Gen X/Y building wealth more slowly than their parents
As a member of the under-40 crowd, I'm concerned about my retirement, and it's not for lack of saving.
A new study from the Urban Institute — a Washington, D.C.-based think tank — finds that we (members of Gen X and Y) have accrued less wealth than our parents had at the same age.
In fact, our average wealth in 2010 was 7% below that of people in their 20s and 30s in 1983, according to the study (www.urban.org/UploadedPDF/412766-Lost-Generations-Wealth-Building-Among-Young-Americans.pdf).
That's despite the fact that the average household wealth of Americans approximately doubled from 1983 to 2010.
In other words, even though wealth is growing overall in America, the younger generations are lagging behind.
It's nerve-racking, especially since each generation is typically wealthier than the previous generation at any given age.
For example, the study notes that people born from 1943 to 1951 are wealthier than those born from 1934 to 1942, who are in turn wealthier than those born from 1925 to 1933.
But that pattern has stopped.
Short of looking for dropped pennies in the parking lot, I'm saving as much as possible, and many of my peers are doing the same.
So, what gives?
According to the Urban Institute, there are several factors contributing to our inability to boost our net worth.
One of the biggest problems is that the younger crowd has lost ground to a harsh job market.
Unemployment is currently 13.1% for those 20 to 24 years of age and 7.8% for those 25 to 34.
Those who do have a job are typically seeing stagnant wages, the study notes.
The housing market crash also hit us pretty hard.
Many of us with a mortgage are underwater without the ability to take advantage of today's low mortgage rates, because current credit standards are stricter.
And let's not forget the mounds of student loan debt we've racked up.
According to a Pew Research study of Federal Reserve data, 34% of young households had outstanding student loan debt in 2007, and it increased to 40% in 2010.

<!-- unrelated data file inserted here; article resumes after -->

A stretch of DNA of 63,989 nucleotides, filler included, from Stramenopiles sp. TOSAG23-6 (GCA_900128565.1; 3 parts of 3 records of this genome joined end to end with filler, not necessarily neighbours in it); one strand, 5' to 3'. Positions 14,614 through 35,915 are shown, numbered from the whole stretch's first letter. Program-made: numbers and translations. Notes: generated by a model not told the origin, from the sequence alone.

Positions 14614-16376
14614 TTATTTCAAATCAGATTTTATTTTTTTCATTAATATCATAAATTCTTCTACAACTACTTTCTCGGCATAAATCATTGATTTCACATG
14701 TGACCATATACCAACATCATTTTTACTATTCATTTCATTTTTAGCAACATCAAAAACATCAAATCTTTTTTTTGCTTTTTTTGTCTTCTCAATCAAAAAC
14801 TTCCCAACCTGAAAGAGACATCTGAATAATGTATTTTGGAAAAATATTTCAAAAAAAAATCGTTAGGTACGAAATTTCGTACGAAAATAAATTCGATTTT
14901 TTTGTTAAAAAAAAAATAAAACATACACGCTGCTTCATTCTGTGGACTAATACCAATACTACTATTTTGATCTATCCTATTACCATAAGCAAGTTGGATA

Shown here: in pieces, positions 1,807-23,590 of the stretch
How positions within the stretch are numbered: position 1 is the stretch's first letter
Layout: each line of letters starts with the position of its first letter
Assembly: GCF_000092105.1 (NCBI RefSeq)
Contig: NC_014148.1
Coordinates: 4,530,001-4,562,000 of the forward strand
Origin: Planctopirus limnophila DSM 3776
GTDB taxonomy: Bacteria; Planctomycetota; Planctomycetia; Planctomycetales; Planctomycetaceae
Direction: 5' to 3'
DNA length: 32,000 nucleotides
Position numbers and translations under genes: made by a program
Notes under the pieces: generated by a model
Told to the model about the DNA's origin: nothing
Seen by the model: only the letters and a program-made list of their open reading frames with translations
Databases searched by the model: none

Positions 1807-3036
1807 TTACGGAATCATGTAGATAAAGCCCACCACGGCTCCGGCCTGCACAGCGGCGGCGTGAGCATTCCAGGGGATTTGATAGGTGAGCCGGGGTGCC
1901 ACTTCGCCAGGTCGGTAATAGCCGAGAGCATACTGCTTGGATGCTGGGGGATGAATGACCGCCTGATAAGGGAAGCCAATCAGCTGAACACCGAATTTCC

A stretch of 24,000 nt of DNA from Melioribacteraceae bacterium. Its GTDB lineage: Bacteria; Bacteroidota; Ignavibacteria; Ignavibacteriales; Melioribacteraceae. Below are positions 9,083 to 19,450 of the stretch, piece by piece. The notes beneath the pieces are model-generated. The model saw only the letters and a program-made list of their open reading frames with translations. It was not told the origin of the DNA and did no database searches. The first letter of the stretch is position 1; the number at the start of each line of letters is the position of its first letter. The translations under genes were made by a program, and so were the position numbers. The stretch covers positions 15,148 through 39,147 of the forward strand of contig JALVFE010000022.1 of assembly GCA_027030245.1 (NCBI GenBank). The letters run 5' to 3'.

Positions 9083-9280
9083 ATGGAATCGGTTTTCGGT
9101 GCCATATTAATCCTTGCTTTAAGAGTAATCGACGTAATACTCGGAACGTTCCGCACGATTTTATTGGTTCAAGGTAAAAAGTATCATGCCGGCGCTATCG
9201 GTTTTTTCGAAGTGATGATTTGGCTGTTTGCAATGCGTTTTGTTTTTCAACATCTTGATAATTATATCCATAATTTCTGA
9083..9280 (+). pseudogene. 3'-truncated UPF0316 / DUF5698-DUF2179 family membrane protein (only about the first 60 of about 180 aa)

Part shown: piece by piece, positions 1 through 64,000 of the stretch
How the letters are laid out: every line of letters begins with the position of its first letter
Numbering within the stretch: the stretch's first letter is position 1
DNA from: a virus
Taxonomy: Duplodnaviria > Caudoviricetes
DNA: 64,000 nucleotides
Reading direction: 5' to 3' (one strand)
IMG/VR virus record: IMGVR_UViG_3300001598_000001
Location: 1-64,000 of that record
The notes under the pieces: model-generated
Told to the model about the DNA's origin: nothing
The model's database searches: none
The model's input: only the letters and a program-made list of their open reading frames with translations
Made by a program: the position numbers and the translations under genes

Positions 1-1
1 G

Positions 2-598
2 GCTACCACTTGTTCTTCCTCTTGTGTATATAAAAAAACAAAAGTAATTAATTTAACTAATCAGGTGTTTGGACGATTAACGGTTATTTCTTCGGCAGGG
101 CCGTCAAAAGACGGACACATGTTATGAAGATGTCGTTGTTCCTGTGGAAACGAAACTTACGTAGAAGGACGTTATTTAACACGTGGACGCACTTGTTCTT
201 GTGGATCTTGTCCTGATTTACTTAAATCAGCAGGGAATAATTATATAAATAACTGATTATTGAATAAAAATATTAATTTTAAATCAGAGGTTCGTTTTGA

The median amount of student loan debt owed in 2010 was $13,410.
So, what can we do about this?
The authors of the Urban Institute study say that new or reformed government policies could improve the outlook for younger generations.
That includes policies on education, pensions and the subsidy system for new homeowners.
But I was curious about what we can do now to boost financial security.
So I chatted with Nevin Adams, director of the American Savings Education Council, to get his take.
"Probably the first (and best) thing younger workers can do is to sign up to participate in their workplace retirement plan, such as a 401(k)," says Adams.
Many plans now provide automatic enrollment, and all we have to do is not opt out — seriously, just don't opt out.
Of course, it's also important to make sure you're getting at least the company match on your 401(k).
"If your employer will contribute 50 cents to your account for every dollar you put in, you should put in enough to get every bit of that match — otherwise you’re just leaving money on the table," says Adams.
He says to slowly increase the savings rate by 1% or 2% each year.
"It adds up quickly, and you probably won't even feel the loss of that extra percent in your take-home pay," he adds.
The Saver's Credit is one more way to sock away some cash.
Younger workers tend to have smaller paychecks to draw from, Adams notes, but Uncle Sam will actually give you a tax credit for saving, if you meet the income requirements (www.irs.gov/uac/Newsroom/Take-Credit-for-Your-Retirement).
And we have to acknowledge the fact that we need help from experienced financial advisers, especially in the midst of record-low rates and a recovering economy.
Because many of us lack pensions, are saddled with student loan debt and are underwater on our homes, we have to fight even harder to save more.
I'll be attempting to stuff more in my IRA and 401(k) to try and catch up, even though it'll hurt a bit.
How about you? What do you think is the solution?
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